Is Strategic Planning a luxury in today’s business conditions?

Maureen Grealish director at LEAP

Strategic Planning

Strategic Plans normally addresses the business, and its requirements for periods of between 3 and 5 years. Given the recent turbulent trading conditions, many business management teams are reluctant to engage in a detailed, time-consuming planning exercise that many see as being out of line with reality and largely an academic exercise.

A Business Plan, in the traditional format, will still be required for businesses raising finance and/or where a major strategic decision needs to be made e.g. an acquisition or the purchasing of equipment. In a business that is not engaged in such strategic decisions, business strategy should not be reduced to short-term, fire-fighting decisions that are not aligned to any overarching plan.

The alternative is a Strategic Action Plan covering periods of 12-18 months.

The importance of goal setting is well covered in a litany of business management books. The reason for this is that goal setting WORKS! We all know that we have a goal, business or personal, and if we can really get motivated by it, then we can achieve great things. Clearly defining the goal, and having a picture in our head of what things will look like when the goal is achieved, helps us through the difficult days. Just talk to anyone that focused on losing a stone in weight so that they can fit into that special outfit, and got there, and you will know what I mean.

We can do the same for our business. The key is to set a goal, make it something we REALLY want to achieve, and keep focused on it.

There are two key elements in keeping focused on the goal. The first is to share the goal with those around us – our management team, employees, and anyone else that has a part to play in achieving the goal. The second is to put Key Performance Indicators (KPIs) in place to help us monitor our progression towards the goal.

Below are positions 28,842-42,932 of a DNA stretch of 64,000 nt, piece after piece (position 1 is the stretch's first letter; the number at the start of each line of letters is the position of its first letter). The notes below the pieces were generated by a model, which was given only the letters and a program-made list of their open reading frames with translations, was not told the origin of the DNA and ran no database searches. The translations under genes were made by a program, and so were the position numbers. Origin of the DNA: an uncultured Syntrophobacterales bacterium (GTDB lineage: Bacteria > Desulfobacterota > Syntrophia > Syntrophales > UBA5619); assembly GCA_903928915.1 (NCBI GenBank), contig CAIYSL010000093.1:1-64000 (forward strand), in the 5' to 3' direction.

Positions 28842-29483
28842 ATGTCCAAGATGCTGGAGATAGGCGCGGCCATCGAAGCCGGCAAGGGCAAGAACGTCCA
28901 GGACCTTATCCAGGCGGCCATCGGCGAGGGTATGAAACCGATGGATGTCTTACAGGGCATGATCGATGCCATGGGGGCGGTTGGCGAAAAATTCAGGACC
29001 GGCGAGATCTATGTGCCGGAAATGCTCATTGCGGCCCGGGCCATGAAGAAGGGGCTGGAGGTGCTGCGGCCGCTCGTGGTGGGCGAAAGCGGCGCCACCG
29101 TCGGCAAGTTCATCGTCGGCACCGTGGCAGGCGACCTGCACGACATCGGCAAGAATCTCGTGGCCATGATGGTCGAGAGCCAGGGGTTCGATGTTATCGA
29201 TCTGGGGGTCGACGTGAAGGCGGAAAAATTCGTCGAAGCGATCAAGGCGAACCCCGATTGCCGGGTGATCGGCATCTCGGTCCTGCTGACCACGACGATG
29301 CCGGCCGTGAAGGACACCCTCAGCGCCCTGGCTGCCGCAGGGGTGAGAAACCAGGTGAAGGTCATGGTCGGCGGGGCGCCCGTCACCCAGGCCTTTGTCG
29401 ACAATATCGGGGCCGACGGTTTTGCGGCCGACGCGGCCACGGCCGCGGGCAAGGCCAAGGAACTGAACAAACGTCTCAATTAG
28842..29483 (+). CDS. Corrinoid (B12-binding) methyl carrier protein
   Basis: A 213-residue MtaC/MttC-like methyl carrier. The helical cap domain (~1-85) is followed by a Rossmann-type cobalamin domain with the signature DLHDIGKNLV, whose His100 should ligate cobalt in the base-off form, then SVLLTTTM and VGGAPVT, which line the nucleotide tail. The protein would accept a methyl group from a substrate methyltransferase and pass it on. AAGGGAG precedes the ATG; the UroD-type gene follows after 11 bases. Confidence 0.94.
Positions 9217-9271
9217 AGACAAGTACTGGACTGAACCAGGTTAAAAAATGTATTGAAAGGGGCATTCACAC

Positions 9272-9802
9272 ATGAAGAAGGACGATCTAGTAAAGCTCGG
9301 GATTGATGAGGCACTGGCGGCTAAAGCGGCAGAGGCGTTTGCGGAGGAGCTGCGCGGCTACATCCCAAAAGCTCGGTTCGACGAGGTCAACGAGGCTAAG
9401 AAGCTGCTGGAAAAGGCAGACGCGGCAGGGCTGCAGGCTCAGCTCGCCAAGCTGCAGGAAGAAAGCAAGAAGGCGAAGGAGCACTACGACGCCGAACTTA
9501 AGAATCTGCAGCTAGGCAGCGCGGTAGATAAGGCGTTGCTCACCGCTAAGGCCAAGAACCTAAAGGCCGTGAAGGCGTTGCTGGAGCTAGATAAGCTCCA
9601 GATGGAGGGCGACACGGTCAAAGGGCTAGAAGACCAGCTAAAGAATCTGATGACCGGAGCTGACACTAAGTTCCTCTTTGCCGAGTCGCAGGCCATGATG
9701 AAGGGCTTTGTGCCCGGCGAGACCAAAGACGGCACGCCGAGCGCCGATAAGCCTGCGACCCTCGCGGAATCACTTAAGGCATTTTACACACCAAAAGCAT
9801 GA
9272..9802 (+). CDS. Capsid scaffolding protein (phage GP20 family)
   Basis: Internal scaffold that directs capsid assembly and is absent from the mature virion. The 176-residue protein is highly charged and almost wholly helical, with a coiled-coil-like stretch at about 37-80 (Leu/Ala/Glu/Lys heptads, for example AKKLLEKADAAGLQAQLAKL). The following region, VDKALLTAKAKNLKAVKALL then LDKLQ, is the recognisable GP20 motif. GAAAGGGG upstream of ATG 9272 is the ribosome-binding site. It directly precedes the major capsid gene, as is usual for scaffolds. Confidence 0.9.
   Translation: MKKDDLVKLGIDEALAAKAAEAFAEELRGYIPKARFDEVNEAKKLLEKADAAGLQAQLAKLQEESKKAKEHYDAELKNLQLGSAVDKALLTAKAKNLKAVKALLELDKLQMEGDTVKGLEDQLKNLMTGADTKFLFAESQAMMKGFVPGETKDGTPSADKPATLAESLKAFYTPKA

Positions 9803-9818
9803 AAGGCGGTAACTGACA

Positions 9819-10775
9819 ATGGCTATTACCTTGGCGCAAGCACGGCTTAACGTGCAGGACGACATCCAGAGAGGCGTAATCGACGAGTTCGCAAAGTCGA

It also helps if we break down the goal into its component parts i.e. objectives.

An objective is the most important part of the Strategic Action Plan. An objective is a clearly stated, measureable target of how to achieve the goal. Key Performance Indicators help us define how we are doing in achieving each objective. A business should have objectives around business elements such as

–          Operational Costs

–          Staff Turnover

–          Client Retention

–          New Sales

–          Quality

–          Service Levels

–          Communication

The difference between a ‘good’ objective and a ‘bad’ objective is in how the objective is defined i.e. an objective to ‘Contain Support Costs’ is an example of a bad objective. An objective to ‘Receive ISO certification by next March’ is an example of a good objective. The more specific the objective is, the better it is.

Once the objectives have been agreed, plans can be developed to achieve those targets. These can then be used to motivate employees and enable the business to measure their progress towards the goal. One thing is true – businesses that can clearly define, articulate, and execute their goals are well positioned to compete and succeed.

So – do you have a goal?

Maureen Grealish
LEAP